Blog of the International Journal of Constitutional Law

The Election Law Passed But Iraq Still Stands To Miss a Constitutional Dead Line

The impasse over Iraq’s election law has now caused United Nations officials to publicly admit what many have feared for weeks — Iraq is going to miss its constitutionally mandated deadline for parliamentary elections.

Delays this past summer and fall were do to two key disagreements among Iraqi law-makers: (1) whether to have open or closed list voting; and (2) how to deal with Iraq’s disputed territory of Kirkuk. The first issue was soundly resolved when Grand Ayatollah Sistani announced that it would be undemocratic to hold closed list elections (as Iraq did in 2005). Though most lawmakers privately would have prefered a closed list system (which is much easier to guarantee incumbents re-election) few were prepared to be seen going against Sistani (not to mention the general public’s preference for open lists). Kirkuk was much more difficult. Here the main disagreement was whether to go by 2005 or 2009 election registers – the latter being seen by Iraq Arabs as tainted do to the considerable migration of Kurds into Kirkuk, mostly since 2004. The dispute was not only about who should be able to vote, but what precedents would be set about voter eligibility and preferences with the backdrop of a likely future referendum over the final status of the territory itself. In the end a compromise was reached that uses the 2009 voter rolls but questions the validity of those roles and allows for post-election modification of results in the event an investigation proves any impropriety.

With Kirkuk and the open/closed list question resolved the Council of Representatives passed the election law on November 8, 2009 – Iraqis and internationals alike hailed the compromise and vote that ensured national elections before the January 31, 2010 constitutional deadline. The celebration, however, was short-lived. Vice-President Tariq al-Hashimi exercised his constitutional veto on November 18, the last day he could do so. (The Iraq Constitution permits any of the three members of the Presidency Council to veto a law within ten days of its passage.) The justification for his veto was that the law under-represented Iraqis living abroad, of which the vast majority are Sunni refugees living in Syria and Jordan.

On November 23, the Council of Representatives passed an amended law that corrected this under-representation, but made additional changes to the proportional seats for each province – the net effect of which was the possibility (depending on one’s reading of the law) of even fewer “Sunni” seats than under the first version of the law. Vice-President Hashimi promised a second veto if a solution could not be reached that accurately reflected the current proportional populations of each province – hardly an unreasonable position but one that would have meant even greater delay. After tense negotiations (and international pressure) Parliament announced today that it had reached a compromise. The Vice-President withheld his veto. The final legal hurdle to holding elections had been overcome.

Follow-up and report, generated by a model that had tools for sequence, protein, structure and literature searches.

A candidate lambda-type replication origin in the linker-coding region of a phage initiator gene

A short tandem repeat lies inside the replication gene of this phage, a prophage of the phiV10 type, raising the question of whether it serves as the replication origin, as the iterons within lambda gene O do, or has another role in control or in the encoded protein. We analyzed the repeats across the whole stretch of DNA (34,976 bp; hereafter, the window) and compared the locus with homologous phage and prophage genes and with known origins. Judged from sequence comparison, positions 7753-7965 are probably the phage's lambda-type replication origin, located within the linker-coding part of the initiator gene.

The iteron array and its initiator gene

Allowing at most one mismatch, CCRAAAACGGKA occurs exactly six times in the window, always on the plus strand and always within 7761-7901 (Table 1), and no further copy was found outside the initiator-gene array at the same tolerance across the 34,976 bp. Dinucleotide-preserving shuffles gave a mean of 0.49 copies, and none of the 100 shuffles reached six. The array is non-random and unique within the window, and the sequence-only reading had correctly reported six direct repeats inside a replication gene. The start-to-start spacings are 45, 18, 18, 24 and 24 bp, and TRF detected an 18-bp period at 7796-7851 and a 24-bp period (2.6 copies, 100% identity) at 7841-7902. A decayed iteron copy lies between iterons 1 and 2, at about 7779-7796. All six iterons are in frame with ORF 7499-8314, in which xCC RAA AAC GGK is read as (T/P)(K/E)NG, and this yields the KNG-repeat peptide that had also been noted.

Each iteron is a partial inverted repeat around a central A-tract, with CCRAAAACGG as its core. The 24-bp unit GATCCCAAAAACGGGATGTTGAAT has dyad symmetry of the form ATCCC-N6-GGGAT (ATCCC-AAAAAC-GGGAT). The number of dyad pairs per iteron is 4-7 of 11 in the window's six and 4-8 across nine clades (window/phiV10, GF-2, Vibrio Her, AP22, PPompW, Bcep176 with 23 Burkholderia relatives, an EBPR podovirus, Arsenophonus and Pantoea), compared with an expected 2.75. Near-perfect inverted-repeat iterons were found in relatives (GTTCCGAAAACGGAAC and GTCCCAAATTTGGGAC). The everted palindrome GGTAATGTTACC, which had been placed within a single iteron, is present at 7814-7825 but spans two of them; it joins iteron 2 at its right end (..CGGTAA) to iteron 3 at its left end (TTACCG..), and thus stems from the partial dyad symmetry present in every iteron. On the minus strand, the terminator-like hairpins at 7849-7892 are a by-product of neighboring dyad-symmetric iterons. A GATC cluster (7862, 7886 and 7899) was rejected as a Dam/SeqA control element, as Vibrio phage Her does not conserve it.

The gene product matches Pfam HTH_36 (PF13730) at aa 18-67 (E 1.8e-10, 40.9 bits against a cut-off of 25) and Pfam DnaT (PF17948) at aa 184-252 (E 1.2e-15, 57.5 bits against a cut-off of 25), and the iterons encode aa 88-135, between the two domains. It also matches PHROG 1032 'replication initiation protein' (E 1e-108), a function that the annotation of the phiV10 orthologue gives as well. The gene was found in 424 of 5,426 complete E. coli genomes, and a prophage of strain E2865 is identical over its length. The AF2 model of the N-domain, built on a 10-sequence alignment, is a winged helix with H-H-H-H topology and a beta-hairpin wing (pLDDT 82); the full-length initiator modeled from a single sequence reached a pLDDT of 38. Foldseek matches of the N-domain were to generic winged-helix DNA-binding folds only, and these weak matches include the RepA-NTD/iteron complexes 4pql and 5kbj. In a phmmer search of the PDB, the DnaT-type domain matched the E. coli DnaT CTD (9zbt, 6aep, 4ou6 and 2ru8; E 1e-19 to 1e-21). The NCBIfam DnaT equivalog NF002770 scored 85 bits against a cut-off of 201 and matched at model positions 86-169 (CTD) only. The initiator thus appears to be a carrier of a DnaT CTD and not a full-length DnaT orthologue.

Still, the damage from the delays has been done. The Parliament Speaker has said elections cannot take place until February or March 2010. The United Nations and the Iraqi Higher Election Commission agree. This presents one immediate constitutional dilemma and a second potential, and more serious, one.

First, Iraq’s Constitution requires that a new Parliament be elected 45 days before the conclusion of the sitting Parliament’s final term, which for this Parliament is March 15, 2010. By all accounts this deadline will be missed.

Second, and far more concerning, is the prospect elections will not be held before March 15. Such a contingency would portend an expired legislature and illegitimate government, with the only constitutional remedy being a declared state of emergency.

Iraq has weathered missed constitutional deadlines before (as discussed previously on this blog) with little damage to institutions or respect for constitutionalism and the rule of law. Still, one must be concerned that the missed dead lines might make it easier for elections to slip further — especially if it becomes clear that the powers-that-be stand to lose. Also of concern is what precedent an unconstitutional government continuing to exercise authority might set in a country just barely out of decades of authoritarian rule. It will be critical in the coming weeks and months for all of Iraq’s governing institutions – Parliament, the Council of Ministers, courts, and the Iraqi Higher Election Commission – to be seen as supporting and moving towards national elections at the earliest possible opportunity.


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